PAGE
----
October 1, 2023
From Socialist Project

1917 – 1947: British mandate

Palestine was among former Ottoman territories placed under UK administration by the League of Nations in 1922. All of these territories eventually became fully independent States, except Palestine, where in addition to “the rendering of administrative assistance and advice” the British Mandate incorporated the “Balfour Declaration” of 1917, expressing support for “the establishment in Palestine of a national home for the Jewish people”. During the Mandate, from 1922 to 1947, large-scale Jewish immigration, mainly from Eastern Europe took place, the numbers swelling in the 1930s with the Nazi persecution.

1947 – 1977: Partition plan, 1948, 1967, 1973 wars, inalienable rights

After looking at alternatives, the UN proposed terminating the Mandate and partitioning Palestine into two independent States, one Palestinian Arab and the other Jewish, with Jerusalem internationalized (Resolution 181 (II) of 1947). One of the two envisaged States proclaimed its independence as Israel and in the 1948 war involving neighbouring Arab States expanded to 77 percent of the territory of mandate Palestine, including the larger part of Jerusalem. Over half of the Palestinian Arab population fled or were expelled.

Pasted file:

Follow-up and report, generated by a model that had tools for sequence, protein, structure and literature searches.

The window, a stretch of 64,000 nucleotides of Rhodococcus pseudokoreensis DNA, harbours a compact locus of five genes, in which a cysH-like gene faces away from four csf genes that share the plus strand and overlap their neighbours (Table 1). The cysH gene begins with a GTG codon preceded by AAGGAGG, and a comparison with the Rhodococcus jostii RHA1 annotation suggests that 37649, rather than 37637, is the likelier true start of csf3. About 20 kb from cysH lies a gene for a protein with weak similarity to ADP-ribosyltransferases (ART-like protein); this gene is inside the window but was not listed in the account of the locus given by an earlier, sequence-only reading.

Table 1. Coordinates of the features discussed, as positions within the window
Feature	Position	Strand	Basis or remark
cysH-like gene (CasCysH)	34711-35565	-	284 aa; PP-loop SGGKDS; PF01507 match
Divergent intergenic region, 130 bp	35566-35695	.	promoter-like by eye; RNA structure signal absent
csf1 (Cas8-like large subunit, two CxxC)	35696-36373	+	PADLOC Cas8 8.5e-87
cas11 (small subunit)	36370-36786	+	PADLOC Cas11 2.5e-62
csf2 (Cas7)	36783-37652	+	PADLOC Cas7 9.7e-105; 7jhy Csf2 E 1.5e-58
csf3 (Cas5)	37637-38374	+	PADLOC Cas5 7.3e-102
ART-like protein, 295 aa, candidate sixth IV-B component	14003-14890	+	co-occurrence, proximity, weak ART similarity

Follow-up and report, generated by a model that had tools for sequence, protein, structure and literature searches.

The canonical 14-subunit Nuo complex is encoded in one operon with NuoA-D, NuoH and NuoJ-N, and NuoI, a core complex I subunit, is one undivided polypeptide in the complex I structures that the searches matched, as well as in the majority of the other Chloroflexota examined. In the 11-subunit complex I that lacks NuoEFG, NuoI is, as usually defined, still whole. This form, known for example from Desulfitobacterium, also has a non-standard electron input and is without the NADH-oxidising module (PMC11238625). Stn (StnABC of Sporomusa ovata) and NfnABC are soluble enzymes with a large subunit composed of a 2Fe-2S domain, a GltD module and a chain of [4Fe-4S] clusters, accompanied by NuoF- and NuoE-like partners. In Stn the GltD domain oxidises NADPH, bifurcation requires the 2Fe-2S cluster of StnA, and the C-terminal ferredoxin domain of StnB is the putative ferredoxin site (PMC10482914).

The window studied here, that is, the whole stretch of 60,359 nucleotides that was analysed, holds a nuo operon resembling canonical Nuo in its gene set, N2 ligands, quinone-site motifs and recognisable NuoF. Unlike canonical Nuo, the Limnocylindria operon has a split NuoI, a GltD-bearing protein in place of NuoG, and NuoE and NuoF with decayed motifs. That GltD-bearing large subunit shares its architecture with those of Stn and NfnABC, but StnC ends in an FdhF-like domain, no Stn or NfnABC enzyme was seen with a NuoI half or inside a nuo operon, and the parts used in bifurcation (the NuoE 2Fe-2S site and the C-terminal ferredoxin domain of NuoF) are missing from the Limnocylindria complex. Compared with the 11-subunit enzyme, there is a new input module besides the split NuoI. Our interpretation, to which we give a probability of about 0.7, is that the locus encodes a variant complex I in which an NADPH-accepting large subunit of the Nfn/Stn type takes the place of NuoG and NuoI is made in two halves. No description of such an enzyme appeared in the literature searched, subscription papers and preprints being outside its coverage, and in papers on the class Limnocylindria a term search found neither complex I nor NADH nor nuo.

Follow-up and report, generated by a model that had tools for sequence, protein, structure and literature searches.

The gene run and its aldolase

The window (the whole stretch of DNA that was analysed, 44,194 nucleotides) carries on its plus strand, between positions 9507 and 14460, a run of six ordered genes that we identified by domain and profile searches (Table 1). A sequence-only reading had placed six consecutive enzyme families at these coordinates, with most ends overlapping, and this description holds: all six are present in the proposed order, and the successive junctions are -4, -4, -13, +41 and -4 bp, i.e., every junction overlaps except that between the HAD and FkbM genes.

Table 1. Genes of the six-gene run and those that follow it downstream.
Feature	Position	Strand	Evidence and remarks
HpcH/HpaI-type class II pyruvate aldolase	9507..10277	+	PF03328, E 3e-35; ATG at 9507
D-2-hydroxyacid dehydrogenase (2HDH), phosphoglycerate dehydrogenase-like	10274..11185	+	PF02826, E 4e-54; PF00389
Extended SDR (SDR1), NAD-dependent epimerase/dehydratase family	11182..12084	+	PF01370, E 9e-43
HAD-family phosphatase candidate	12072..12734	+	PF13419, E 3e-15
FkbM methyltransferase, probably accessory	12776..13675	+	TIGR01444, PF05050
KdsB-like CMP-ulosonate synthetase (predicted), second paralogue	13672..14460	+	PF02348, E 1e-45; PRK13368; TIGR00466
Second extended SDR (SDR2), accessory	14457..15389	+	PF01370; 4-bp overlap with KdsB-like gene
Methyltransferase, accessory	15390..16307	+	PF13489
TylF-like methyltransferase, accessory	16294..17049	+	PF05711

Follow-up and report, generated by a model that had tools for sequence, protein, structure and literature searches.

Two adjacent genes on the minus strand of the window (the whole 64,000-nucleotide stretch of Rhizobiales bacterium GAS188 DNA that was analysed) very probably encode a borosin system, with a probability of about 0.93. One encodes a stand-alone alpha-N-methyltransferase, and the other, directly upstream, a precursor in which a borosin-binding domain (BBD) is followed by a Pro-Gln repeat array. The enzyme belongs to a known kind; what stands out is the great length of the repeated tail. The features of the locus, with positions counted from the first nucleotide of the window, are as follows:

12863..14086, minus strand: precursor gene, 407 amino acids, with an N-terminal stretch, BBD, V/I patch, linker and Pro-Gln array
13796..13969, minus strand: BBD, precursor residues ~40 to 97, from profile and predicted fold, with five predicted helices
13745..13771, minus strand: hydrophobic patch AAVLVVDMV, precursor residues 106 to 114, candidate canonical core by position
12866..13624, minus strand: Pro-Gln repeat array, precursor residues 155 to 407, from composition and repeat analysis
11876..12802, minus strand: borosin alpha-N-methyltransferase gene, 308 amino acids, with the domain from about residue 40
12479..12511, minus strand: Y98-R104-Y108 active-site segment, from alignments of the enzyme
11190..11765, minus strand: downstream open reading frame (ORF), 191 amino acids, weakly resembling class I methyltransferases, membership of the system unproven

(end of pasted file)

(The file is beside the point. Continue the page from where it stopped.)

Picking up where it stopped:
1977 – 1990: Lebanon, ICQP, Intifada

In June 1982, Israel invaded Lebanon with the declared intention to eliminate the PLO. A cease-fire was arranged. PLO troops withdrew from Beirut and were transferred to neighboring countries. Despite the guarantees of safety for Palestine refugees left behind, a large-scale massacre took place in the Sabra and Shatila camps.

The Peace Process of the 1990s

A Peace Conference was convened in Madrid in 1991, with the aim of achieving a peaceful settlement through direct negotiations along 2 tracks: between Israel and the Arab States, and between Israel and the Palestinians, based on Security Council resolutions 242 (1967) and 338 (1973).

2000-present: Second intifada, separation wall, Road Map, etc.

The General Assembly proclaimed 2014 an International Year of Solidarity with the Palestinian People. On 15 May 2023, following a request by the General Assembly, the UN commemorated the 75th anniversary of the Nakba for the first time.

Full outline at www.un.org.

Source: Socialistproject.ca